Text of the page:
Many use "credit score hacking" to justify the purchases of things they cannot afford. The best way to hack your score is to simply pay your bills on time and borrow as little as possible and preferably none.

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    and preferably none. Borrowing literally "none" will lead to a very poor credit score in the US. I do agree with the rest of that paragraph though. – dwizum Dec 6 '19 at 13:47
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    We may be glossing over the details. It is, literally, not possible to have a score over 800 if you've never (ever) had any lending or credit accounts at all. Perhaps you don't have a mortgage, a car loan, and a credit card like many Americans, but if your score is over 800 then you have, or have had, credit. – dwizum Dec 6 '19 at 14:19
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    @dwizum - note you can have "credit accounts" such as credit cards without ever taking on any debt or loans (by paying in full every statement period). Some might argue that even paying CCs in full is in fact a 30 day loan, but that's just semantics and is equivalent to saying writing a check is a 2-3 day loan. That being said, I don't know for sure that you can achieve a credit score over 800 with only credit cards and lines of credit that you never tap into with absolutely no history of any term loans on your credit report, but, I believe it's entirely possible given enough time. – TTT Dec 6 '19 at 14:36
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    Understood, though I think there is an argument that paying in full every month still technically counts as having a credit account and borrowing, which does not jibe with the sentence I pointed out. And due to the credit mix factor in most models, I don't expect someone could get over 800 on credit cards alone, with zero other history. Credit mix is 10% of FICO, so having a zero score in that factor would limit you to 765 (850 minus 10%). But now we're wandering into territory that is scoring model dependent. – dwizum Dec 6 '19 at 14:42
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    At any rate, I didn't intend for this to spiral into a long discussion, perhaps we should take it to chat if anyone wants to continue. I just wanted to make the point that you cannot have a good score with (literally) zero borrowing activity at all. – dwizum Dec 6 '19 at 14:43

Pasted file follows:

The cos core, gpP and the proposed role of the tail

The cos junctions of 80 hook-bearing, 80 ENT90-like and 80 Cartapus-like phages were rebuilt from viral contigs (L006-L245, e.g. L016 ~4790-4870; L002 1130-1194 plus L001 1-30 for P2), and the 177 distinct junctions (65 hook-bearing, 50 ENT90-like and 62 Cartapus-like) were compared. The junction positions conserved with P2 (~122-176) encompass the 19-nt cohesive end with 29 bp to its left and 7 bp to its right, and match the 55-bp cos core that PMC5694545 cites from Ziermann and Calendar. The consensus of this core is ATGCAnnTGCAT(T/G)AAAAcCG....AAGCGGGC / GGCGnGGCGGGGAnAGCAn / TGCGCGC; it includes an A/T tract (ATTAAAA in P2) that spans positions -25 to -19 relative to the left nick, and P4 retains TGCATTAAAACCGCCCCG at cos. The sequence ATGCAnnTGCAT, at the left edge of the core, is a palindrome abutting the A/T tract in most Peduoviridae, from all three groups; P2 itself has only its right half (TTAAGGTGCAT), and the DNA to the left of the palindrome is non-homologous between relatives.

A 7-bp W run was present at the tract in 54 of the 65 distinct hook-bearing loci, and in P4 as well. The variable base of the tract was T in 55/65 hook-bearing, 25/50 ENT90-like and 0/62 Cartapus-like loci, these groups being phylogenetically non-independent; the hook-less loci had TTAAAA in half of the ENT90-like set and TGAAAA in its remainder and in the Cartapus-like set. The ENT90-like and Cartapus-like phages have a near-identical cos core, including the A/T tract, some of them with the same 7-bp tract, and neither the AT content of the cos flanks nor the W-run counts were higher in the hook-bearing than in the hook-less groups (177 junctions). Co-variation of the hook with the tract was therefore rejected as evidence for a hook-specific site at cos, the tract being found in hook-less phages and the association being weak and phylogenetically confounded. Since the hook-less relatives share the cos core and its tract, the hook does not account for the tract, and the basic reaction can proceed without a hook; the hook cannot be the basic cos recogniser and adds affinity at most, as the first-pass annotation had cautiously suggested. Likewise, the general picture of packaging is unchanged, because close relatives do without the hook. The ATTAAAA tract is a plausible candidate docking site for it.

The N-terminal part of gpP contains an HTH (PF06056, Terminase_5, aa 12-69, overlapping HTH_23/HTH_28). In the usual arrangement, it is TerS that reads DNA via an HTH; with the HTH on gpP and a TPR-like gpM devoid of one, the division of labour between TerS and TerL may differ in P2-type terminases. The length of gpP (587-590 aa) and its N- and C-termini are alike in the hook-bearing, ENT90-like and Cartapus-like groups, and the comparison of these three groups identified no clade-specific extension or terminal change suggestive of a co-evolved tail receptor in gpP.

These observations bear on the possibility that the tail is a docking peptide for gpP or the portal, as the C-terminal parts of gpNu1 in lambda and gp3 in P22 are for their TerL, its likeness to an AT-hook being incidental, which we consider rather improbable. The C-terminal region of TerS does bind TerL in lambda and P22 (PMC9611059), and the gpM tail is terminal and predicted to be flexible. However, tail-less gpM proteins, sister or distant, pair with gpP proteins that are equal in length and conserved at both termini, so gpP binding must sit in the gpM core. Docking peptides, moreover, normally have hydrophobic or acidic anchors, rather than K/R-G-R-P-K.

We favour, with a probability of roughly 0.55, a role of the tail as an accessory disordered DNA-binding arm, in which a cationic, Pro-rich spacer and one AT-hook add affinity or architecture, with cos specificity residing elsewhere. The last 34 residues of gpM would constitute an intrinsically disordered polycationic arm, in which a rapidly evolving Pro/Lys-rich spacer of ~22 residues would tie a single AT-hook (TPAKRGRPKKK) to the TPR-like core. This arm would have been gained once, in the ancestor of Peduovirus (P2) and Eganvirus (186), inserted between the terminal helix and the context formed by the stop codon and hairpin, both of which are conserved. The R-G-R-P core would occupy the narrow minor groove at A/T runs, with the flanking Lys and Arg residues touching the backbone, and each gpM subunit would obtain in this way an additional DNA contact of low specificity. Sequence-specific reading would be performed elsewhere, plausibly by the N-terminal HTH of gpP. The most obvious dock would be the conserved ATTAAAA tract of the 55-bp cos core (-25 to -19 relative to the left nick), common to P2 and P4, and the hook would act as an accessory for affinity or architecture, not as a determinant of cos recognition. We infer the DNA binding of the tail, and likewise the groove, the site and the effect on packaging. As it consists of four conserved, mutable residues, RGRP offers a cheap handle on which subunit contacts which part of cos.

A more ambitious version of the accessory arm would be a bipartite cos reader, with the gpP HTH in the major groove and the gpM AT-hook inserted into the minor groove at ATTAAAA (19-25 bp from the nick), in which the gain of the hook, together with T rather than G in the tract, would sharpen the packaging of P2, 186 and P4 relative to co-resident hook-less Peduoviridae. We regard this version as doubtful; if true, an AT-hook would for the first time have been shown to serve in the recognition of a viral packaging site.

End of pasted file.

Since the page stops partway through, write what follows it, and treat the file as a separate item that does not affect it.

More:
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I just came across a recent paper that discusses the US car insurance practices:

Kiviat: The Moral Limits of Predictive Practices: The Case of Credit-Based Insurance Scores, American Sociological Review, 84(6), 1134–1158

Abstract Corporations gather massive amounts of personal data to predict how individuals will behave so that they can profitably price goods and allocate resources. This article investigates the moral foundations of such increasingly prevalent market practices. I leverage the case of credit scores in car insurance pricing—an early and controversial use of algorithmic prediction in the U.S. consumer economy—to unpack the premise that predictive data are fair to use and to understand the conditions under which people are likely to challenge that moral logic. Policymaker resistance to credit-based insurance scores reveals that contention arises when predictions depend on mathematical distinctions that do not align with broader understandings of good and bad behavior, and when theories about why predictions work point to the market holding people accountable for actions that are not really their fault. Via a de-commensuration process, policymakers realign the market with their own notions of moral deservingness. This article thus demonstrates the importance of causal understanding and moral categorization for people accepting markets as fair. As data and analytics permeate markets of all sorts, as well as other domains of social life, these findings have implications for how social scientists understand the novel forms of stratification that result.